Behind extraordinary ideas, there are extraordinary people.
Sofija Stefanovic on Julian Burnside
Julian Burnside is a barrister who is famous for his stance on the Australian government’s detention of “boat people” (he hates it). He is known for providing free counsel to asylum seekers, and is forever in the media talking about our government’s “abominable” treatment of boat people.
He’s had refugees living at his house since 2001. He claims it was “necessary” for him and his wife Kate Durham to open their place up, after they started the Spare Rooms for Refugees Program, encouraging Aussies to show the welcoming spirit (that the government had forgotten), by offering spare rooms to refugees in need.
When he’s not helping asylum seekers, you can find Julian Burnside at his commercial law practice, making big bucks. Or, you might find him chairing the board of Chamber Music Australia. On top of that, he’s the founder of the not-for-profit gallery and theatre space fortyfivedownstairs, which supports emerging artists. Julian Burnside is a fundraiser, human rights advocate and author of a series of essays on etymology. He was made an Officer of the Order of Australia, and was elected an Australian Living Treasure.
Waiting at his chambers, looking at all the red books on the wall, I am nervous knowing I’m about to take a full hour of a living treasure’s time. But the more I think about it, the more I see that treasure or not, Julian Burnside’s been saying the same things since the late 90s, using words like “compassion” and “human rights” to appeal to the government and the people of Australia. Yet things are still grim for refugees arriving on boats and if his cries have been falling on deaf ears for such a long time, maybe he’s bitter and depressed, I speculate. At this moment, Julian Burnside comes out to greet me in a tie the colour of sunshine.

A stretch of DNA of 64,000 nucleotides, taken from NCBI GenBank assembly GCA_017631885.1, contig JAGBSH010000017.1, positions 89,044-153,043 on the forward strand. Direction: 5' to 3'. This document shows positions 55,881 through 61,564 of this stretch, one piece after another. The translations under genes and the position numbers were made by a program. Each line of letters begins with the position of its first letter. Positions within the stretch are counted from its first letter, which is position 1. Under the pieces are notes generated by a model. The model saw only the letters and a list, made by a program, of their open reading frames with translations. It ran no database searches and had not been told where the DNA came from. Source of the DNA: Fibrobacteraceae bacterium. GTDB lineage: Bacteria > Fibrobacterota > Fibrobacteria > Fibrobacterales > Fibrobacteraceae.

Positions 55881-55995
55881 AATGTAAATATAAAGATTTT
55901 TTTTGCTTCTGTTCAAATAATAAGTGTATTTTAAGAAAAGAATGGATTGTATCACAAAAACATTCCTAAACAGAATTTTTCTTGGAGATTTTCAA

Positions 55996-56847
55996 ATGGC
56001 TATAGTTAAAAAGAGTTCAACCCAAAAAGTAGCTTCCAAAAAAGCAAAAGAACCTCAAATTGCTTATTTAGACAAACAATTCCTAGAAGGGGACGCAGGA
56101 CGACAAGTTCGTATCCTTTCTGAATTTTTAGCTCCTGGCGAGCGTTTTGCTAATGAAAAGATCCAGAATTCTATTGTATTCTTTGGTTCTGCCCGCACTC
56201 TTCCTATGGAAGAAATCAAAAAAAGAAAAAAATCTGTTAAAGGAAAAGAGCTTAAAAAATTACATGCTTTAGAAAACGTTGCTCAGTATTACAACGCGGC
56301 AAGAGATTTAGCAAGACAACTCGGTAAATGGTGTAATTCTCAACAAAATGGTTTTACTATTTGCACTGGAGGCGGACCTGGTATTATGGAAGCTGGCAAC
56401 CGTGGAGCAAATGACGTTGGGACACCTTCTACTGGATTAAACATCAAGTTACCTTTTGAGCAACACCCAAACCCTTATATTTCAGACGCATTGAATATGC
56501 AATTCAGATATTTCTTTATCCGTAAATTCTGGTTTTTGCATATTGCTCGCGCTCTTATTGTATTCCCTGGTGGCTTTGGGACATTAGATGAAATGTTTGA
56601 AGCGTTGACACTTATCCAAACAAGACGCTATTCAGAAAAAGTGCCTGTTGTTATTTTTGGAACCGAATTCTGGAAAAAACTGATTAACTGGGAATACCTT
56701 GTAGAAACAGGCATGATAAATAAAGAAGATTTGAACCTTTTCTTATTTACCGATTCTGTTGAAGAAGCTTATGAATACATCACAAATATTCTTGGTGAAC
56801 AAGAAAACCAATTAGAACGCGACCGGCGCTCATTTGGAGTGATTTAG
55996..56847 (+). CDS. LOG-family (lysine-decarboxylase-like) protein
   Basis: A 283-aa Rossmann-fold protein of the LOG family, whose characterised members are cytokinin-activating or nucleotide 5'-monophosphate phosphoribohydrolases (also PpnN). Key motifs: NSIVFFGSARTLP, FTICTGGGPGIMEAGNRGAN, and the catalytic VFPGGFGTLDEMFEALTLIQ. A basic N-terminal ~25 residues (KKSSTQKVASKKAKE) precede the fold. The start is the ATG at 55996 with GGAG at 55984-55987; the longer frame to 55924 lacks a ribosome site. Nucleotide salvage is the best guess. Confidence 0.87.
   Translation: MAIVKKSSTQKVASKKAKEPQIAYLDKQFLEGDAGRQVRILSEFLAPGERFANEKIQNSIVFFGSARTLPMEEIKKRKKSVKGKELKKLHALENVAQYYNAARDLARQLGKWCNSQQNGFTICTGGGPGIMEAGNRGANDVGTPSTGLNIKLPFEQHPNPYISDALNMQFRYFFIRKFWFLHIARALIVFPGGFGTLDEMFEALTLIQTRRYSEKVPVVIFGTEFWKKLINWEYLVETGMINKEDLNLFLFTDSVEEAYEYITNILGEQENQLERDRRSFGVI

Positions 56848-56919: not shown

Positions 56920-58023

I sit opposite Julian at his desk—which is enormous—while a concerto for two pianos by Mozart plays in the background. Julian is happy to share stories, some of them anecdotes about his life, others tales from history and literature, which he weaves into his contemplations on the world today. I notice his favourite stories are those with morals. He uses phrases like “the right thing to do.” He helps people because it’s right. Not helping would be wrong. There’s no fogginess in between.
After the interview, I wonder why my ribs are sore and I realise it’s because I’ve been leaning forward, rapt for the entire hour, as if trying to cross the vast expanse of Julian’s desk towards the beacon of his tie.